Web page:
Walt began work in 1934 on a new idea. He wanted a cartoon to be as long as a feature movie. It was referred to as “Disney’s Folly” by Hollywood, but “Snow White and the Seven Dwarfs” (1937) won critical praises and the admiration of the public.
Walt now lists animated features on his ever-growing list. He also began producing animated shorts. “Pinocchio” (1940), “Dumbo” (41), and “Bambi” (1942) were all success stories.
Now, although the “Silly Symphonies” ceased to be produced in 1939, Mickey and his friends, including Donald Duck, Minnie Mouse, and Pluto, were still popular and very much alive for the studio which led to more work created around them.
Disney began creating “packaged features” in the mid-1940s. These were shorts that are grouped together and run to feature-length. In 1950, Disney was refocusing its attention on animated features.
His last major success was the motion picture “Mary Poppins.” It was released in 1964 and featured live-action and animated scenes.
Among the other most well-known Disney movies are:
- “Fantasia” (1940).
- “Cinderella” (1950).
- “Treasure Island” (1950).
- “Alice in Wonderland” (1951).
- “Peter Pan” (1953).
- “Sleeping Beauty” (1959).
- “101 Dalmatians” (1961).
Disney was also one of the first to use television as an entertainment medium.
The “Mickey Mouse Club” is a variety show that features a cast made up of teens known as the Mouseketeers and was a big success on screen.
He opened Disneyland in California in 1955. The park was safe and clean and allowed children along with adults to explore the area and take rides.
Walt didn’t stop there. He continued onward with plans for a new Florida theme park and a prototype city.
However, he died before the realization of his plans. In 1966, he was diagnosed with lung cancer due to his chain-smoking. At 65 years old, he died from a heart attack after undergoing cancer surgery.
Roy continued to plan for the Florida theme park, and it was inaugurated in 1971 under the name Walt Disney World.
To this date, his company continues to thrive, producing live-action and animated films, and overseeing an empire that was started by Walt Disney, who will be forever remembered.
His Worth – How Much Was Walt Disney Net Worth?
It is very hard to come up with the answer considering that the money from that time and now aren’t equal to the same considering inflation.
However, we can tell you that, fortunately, we have the estimate by the time of his death, and many would be surprised, while others not so much, with the fact that he was a billionaire.
Walt’s net worth was set at $1 billion when adjusting it for inflation, and this was by the time he died in 1966.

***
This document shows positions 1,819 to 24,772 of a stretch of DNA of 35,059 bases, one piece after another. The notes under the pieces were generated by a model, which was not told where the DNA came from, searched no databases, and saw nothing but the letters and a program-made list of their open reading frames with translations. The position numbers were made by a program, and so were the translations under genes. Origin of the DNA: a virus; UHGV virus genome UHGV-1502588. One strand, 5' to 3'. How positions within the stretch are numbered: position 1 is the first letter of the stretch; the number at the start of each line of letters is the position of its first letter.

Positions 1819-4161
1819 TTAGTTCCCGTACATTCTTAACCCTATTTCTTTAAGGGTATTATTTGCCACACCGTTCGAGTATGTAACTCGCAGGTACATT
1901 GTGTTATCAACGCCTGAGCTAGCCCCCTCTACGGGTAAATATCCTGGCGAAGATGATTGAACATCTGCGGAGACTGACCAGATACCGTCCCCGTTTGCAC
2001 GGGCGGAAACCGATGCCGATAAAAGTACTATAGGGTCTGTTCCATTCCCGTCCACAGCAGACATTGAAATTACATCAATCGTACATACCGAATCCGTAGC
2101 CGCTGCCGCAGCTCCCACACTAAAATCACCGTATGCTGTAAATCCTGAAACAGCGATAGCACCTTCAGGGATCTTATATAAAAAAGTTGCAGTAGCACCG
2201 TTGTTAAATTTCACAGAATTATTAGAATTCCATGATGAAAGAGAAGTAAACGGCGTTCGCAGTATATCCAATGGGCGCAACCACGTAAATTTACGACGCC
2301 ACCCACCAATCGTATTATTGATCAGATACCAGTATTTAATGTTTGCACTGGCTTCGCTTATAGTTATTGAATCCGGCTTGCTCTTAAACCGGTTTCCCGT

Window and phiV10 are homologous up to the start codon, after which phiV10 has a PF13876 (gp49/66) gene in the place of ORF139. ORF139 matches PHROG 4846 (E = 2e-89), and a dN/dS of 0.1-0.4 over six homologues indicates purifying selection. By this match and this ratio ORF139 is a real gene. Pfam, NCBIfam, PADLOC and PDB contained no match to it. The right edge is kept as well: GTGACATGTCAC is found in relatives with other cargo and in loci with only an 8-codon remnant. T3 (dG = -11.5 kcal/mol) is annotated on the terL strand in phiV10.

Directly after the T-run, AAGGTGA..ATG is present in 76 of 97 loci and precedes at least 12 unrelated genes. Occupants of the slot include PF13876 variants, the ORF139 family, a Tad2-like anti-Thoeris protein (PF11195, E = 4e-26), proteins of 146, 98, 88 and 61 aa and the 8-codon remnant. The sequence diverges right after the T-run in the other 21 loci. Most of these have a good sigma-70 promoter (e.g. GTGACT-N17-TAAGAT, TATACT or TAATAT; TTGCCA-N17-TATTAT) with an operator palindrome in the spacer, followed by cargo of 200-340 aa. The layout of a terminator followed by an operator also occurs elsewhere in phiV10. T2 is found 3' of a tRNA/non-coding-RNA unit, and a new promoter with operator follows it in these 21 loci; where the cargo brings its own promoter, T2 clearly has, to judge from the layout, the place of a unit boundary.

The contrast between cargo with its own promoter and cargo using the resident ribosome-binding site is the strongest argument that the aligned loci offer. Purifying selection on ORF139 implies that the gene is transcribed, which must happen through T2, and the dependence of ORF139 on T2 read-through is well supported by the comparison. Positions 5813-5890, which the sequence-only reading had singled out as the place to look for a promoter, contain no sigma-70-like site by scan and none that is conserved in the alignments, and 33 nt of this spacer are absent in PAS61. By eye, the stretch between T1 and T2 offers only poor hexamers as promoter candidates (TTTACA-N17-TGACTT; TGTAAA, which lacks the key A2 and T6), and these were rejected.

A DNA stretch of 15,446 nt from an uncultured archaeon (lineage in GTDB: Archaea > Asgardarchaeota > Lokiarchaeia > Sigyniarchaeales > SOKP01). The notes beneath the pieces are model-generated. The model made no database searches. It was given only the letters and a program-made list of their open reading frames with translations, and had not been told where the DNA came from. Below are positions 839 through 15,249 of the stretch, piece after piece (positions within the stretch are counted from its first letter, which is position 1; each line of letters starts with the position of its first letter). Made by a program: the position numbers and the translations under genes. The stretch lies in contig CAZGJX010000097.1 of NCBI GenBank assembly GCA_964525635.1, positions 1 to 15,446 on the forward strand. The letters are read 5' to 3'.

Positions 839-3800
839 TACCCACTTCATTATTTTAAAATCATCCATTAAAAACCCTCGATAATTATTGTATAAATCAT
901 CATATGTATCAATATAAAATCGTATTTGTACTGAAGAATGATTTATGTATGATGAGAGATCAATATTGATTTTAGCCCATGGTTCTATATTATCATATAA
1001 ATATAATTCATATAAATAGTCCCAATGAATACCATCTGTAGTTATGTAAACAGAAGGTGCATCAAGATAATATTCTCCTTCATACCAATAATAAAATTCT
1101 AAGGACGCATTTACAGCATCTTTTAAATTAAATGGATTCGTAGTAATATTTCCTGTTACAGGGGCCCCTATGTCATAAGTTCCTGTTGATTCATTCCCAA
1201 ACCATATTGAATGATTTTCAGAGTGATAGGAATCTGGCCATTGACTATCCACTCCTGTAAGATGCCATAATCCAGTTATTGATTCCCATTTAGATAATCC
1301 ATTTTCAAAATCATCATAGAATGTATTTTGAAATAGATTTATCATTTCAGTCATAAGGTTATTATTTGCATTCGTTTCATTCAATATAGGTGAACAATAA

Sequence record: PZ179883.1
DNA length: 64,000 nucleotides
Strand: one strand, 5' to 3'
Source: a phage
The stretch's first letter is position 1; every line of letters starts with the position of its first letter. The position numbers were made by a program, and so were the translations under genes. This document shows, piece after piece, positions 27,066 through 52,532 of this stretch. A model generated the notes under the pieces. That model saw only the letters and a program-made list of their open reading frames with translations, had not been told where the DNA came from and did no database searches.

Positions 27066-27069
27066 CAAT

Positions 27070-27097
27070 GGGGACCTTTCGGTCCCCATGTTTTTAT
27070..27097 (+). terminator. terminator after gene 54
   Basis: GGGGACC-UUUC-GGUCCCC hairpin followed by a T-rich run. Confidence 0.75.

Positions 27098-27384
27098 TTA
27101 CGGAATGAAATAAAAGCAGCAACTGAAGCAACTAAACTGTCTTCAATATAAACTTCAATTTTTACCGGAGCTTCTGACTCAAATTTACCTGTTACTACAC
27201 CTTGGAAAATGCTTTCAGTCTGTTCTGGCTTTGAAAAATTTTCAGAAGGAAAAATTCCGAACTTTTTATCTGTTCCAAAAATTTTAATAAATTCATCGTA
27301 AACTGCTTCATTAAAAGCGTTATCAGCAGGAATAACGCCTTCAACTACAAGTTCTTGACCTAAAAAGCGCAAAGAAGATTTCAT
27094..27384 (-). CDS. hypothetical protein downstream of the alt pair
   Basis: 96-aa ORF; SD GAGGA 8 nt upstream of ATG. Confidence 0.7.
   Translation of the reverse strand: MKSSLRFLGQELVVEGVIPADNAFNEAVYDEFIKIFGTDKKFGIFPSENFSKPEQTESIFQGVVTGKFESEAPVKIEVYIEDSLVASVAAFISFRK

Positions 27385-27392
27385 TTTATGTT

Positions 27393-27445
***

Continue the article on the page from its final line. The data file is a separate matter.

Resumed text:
By the time, his net worth and based on the worth of things, was set at $150 million, but the price of his assets increased much more today, leading to approximately $ 1.1 billion in specific.
Most of the billion (today) comes from his stake in the Disney company, which is worth $600 million, this includes the studio but also the current Disney World and Disney World Resort.
He also owned the largest stake in Walt Disney Inc., an individual property to control Disney’s properties and creations founded in 1953.
Disney left 45% of his net worth to his wife and children, 10% to his sister, nieces, and nephews after his death. The remaining was dedicated to charity, to CalArts, to be more specific, which is a private art school. The money was mostly used to give opportunities to artists and students who couldn’t finance the school.
There aren’t many more details about his net worth, but we can assure you that the rest was invested in real estate and small projects related to the company itself.
After all, Walt’s life was put into the company and his beloved animations and characters.
Impact & Charity: Helping Who Needs It
During his life, Walt was known for being someone who supported arts and animators more than anyone else. After all, he was the victim of people stealing his work and the effort of many of his animators.
Although there aren’t many details disclosed about his donations at the time, it is known that Disney donated to nonprofit organizations that focused on kids and families to help them achieve comfort and education.
The main goal was to bring smiles and a better life their way. Thus, the purpose of over 90% of the donations was designated to help children and their families.
To this day, you will find a Walt Disney Charity that donates millions every year to specific organizations.
Last year, in 2020, it donated about $333 million in cash to help communities worldwide, and this is by following its founder’s heart and decisions from previous donations.
Right now, the studio has many partnerships with charitable organizations like Make-A-Wish Foundation, First Book, and Toys for Tots.
Billions have been donated over the past few years and since Walt Disney company and himself had the money to do so.
Inspiring New Businesses
People seek out positive role models and people who have achieved success in their chosen fields to motivate them to learn, work, or take that first step towards achieving the goal they have been pursuing.
Walt Disney is one of our favorite people to follow because regardless of all difficulties, he started the empire that Disney was back then and continues to be today. Of course, with the help of people he trusted.
So, if there’s something we like to tell ourselves about him, is that: if he could, why wouldn’t we be able to start our business?
Entrepreneurs always encourage us to invest our time more effectively and look for new opportunities.